REVIEWS

Praise for WILD SOULS

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“Thoughtful, insightful, and wise, Wild Souls is a landmark work. With thorough reporting and piercing moral clarity, Emma Marris forces us to think deeply about every aspect of our relationship with wild animals, and what the concept of wild-ness even means. It should be a guidepost for our thoughts and actions for decades to come.”

—  Ed Yong, author of I Contain Multitudes

“Where do wild animals fit in a human- dominated world? The answer, for better or worse, will be determined by humans. Emma Marris’s exploration of this question is at once thoughtful, thought- provoking, and thoroughly absorbing.”

— Elizabeth Kolbert, Pulitzer Prize- winning author of The Sixth Extinction and Under a White Sky

“What is wildness? How do we resolve conflicts between the needs of individual animals and the work of preserving species? Wild Souls asks readers to think deeply about these and other important questions around our relationship with wildlife. Everybody who cares about animals should read this fascinating book.”

— Temple Grandin, author of Animals in Translation and Animals Make Us Human

“In this profound and philosophical book, Emma Marris examines the fiction of a primeval world untouched by human intervention. We have messed with the world in such complex ways that the notion of wildness is at best speculative and at worst entirely artificial: wildness is permitted to exist in designated areas; animals are bred in captivity to repopulate what were once their natural habitats; endangered species are tagged and followed, prioritized over others. In luminous, captivating prose, Marris plumbs the contradictions of our often foolish attach-ment to the world not as it is, but as we would like to imagine it into being. This is a deeply felt and deeply thought book, brimming with compassion and rue, that throws out revelations like a stream of arrows, each one aimed at the very heart of the matter.”

—  Andrew Solomon, National Book Award- winning author of The Noonday Demon and Far from the Tree

“In Wild Souls, Marris asks the thorny, necessary questions for our time: What exactly is our responsibility to the wild(- ish) animals in the world, and why is it so uncomfortable to figure it out? She challenges us not only to do the ‘right’ things, but to be our most humane selves in the process. This is the best thinking- and- feeling person’s guide to sharing the planet that I know.”

— Florence Williams, author of The Nature Fix

“Like many others, Emma Marris loves wild nature. But unlike most of us, she thinks hard about what words like ‘wild’ and ‘nature’ mean. As Marris journeys from Northwest wolves to rats in New Zealand, she finds answers that are as fascinating as they are unexpected.”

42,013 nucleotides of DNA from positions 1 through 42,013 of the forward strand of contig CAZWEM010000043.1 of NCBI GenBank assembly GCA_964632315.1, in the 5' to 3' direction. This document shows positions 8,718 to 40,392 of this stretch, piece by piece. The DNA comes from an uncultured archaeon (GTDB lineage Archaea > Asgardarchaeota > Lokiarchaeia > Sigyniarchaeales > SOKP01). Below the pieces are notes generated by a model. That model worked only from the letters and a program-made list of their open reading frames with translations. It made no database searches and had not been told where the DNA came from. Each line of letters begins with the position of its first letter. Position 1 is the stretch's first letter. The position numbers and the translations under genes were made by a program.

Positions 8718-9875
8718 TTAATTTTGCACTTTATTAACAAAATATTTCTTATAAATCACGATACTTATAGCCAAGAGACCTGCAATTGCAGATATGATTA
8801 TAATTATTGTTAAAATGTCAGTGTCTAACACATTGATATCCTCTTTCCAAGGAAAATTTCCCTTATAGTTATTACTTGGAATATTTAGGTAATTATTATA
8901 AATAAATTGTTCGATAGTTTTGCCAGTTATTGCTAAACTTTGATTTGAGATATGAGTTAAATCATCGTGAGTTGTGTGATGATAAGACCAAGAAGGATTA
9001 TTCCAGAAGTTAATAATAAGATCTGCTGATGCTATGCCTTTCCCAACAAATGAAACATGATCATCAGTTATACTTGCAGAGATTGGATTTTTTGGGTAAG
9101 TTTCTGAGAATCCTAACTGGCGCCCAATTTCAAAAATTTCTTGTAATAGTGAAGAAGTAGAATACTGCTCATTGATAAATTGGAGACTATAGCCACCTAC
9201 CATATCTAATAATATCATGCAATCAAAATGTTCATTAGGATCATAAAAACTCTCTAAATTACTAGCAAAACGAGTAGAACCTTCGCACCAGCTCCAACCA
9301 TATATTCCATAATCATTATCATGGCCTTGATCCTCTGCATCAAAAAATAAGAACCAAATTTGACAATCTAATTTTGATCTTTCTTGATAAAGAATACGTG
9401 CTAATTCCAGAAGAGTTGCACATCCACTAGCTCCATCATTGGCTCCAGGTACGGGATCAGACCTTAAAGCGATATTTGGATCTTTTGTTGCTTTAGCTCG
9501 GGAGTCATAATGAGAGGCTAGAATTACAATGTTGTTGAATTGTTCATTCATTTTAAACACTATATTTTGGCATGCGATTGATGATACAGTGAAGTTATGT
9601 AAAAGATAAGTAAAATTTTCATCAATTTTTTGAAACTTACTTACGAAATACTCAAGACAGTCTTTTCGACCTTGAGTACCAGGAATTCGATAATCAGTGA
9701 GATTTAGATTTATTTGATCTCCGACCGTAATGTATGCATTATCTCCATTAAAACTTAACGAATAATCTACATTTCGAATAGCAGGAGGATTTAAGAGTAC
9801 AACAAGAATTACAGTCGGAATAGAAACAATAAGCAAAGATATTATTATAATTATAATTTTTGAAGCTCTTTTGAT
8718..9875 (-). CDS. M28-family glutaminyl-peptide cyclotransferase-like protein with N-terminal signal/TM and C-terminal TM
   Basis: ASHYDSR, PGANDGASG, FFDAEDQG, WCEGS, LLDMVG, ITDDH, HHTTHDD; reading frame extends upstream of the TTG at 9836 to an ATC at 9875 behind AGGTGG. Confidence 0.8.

— Charles C. Mann, author of 1491 and The Wizard and the Prophet

“In this masterpiece of environmental philosophy, Emma Marris cross- examines every claim and subverts every shibboleth of modern conservation. Wild Souls brings razor-sharp reasoning and unflinching moral clarity to a field that occasionally suffers from fuzzy logic. This is a book meant to be argued with, in the best possible sense.”

—  Ben Goldfarb, author of Eager: The Surprising, Secret Life of Beavers and Why They Matter

“Eloquently, skillfully, Emma Marris wrestles with the dilemmas that define our relationships with animals and the environment, emerging with provocative but necessary answers. I  dare any nature- lover to read this book and not come away profoundly changed.”

— Douglas W. Smith, Senior Wildlife Biologist, Yellowstone National Park, and Project Leader for the Yellowstone Gray Wolf Restoration Project

“Through stories that marry adventure and philosophy, Emma Marris works to reconcile the jarring truth that sacrificing individual animals is sometimes the only way to save entire species. Ultimately, Wild Souls proposes a new framework for resolving the moral dilemmas that arise as we try to be good stewards of a thoroughly humanized world.”

—  Beth Shapiro, Professor of Ecology and Evolutionary Biology, University of California Santa Cruz, and author of How to Clone a Mammoth

Wild Souls challenges us to be better citizens of the planet. How do we think about our relationship to other living things on Earth? With an epic sweep worthy of the subject, Emma Marris links cutting- edge science with deep compassion to provide us tools for approaching the decades ahead.”

—  Neil Shubin, author of Your Inner Fish and Some Assembly Required